Pet Safety During Treatment

Pets offer so many benefits, helping stay active and helping to feel more relaxed and giving us a distraction away from cancer. Petting animals releases endorphins that relieve stress, this can help you forget about any frustrations or side effects for a period of time. 

But cancer treatment can weaken your immune system, so you may need to take extra precautions to keep the risk of infection low. One top tip is to keep your pet’s nails trimmed. This is not only because of infections but as some treatments can stop your blood from clotting. This happens as the number of platelets in the blood is reduced.

Platelets are the cells that help your blood to clot and stop bleeding. When your platelet count is low, you may bruise or bleed a lot or very easily and have tiny purple or red spots on your skin. This condition is called thrombocytopenia. It is important to tell your doctor or nurse if you notice any of these changes.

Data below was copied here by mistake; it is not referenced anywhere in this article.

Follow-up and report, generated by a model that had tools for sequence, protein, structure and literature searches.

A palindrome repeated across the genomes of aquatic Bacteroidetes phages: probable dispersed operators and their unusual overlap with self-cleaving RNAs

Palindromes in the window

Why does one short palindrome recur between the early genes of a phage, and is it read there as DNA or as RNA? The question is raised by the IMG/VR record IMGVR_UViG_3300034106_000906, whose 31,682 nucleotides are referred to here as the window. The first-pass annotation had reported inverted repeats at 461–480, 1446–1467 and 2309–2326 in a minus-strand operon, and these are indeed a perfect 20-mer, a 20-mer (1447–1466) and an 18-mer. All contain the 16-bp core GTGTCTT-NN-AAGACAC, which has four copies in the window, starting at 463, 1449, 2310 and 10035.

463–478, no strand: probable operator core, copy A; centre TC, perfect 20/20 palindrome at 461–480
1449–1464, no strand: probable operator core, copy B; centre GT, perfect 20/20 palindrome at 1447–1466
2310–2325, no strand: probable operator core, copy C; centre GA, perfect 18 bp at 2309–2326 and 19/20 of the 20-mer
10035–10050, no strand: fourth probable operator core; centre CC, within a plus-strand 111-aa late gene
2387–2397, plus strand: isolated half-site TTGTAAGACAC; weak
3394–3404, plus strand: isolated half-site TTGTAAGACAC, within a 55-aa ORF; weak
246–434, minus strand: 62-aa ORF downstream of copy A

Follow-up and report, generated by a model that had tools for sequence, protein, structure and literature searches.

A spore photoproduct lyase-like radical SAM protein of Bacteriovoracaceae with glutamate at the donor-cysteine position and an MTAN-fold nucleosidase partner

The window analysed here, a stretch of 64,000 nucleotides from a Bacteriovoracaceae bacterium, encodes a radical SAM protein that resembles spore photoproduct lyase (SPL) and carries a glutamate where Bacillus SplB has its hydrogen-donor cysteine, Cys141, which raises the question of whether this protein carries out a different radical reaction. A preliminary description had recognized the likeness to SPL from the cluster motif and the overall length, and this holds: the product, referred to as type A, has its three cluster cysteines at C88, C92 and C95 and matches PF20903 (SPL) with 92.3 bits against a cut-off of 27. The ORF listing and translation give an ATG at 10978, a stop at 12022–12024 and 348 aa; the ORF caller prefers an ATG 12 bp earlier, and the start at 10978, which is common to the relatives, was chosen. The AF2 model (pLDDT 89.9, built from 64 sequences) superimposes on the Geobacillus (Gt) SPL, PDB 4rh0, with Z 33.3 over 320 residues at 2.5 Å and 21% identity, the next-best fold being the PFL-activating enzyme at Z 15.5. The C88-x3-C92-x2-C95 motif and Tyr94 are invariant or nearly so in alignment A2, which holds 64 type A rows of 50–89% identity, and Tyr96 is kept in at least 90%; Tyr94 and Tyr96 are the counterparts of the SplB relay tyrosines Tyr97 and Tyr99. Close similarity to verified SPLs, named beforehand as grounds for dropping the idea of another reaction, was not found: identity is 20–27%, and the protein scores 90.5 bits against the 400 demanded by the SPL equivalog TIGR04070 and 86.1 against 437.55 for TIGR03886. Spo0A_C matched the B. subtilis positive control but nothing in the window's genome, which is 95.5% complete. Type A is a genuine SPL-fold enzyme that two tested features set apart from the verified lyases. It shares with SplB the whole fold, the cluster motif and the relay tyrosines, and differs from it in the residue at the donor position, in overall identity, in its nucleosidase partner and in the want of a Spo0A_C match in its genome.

If you do get scratched, clean it well and keep it covered. If it becomes red, warm, swollen, or oozes pus, call your healthcare team as soon as possible. 

It is important to ask someone to clean up after pets. If you need to clean up, wear gloves and wash your hands well afterwards. If cleaning a litter box, wear a mask to avoid inhaling the litter dust and keep the litter box away from the kitchen and dining room.

If your pet is sick from vomiting, diarrhoea, or sneezing, take your pet to the vet right away. Your pet may have an infection that could be passed on to you if your immune system is weak. Also super important to keep pets up-to-date on vaccines like, heartworm prevention, and flea and tick medications.

Unfortunately some pets and animals do need to be avoided during cancer treatment. Reptiles, chickens, ducks, and rodents can carry salmonella and other germs that may cause infection. Salmonella can lead to severe diarrhoea, and it can be especially dangerous for cancer patients.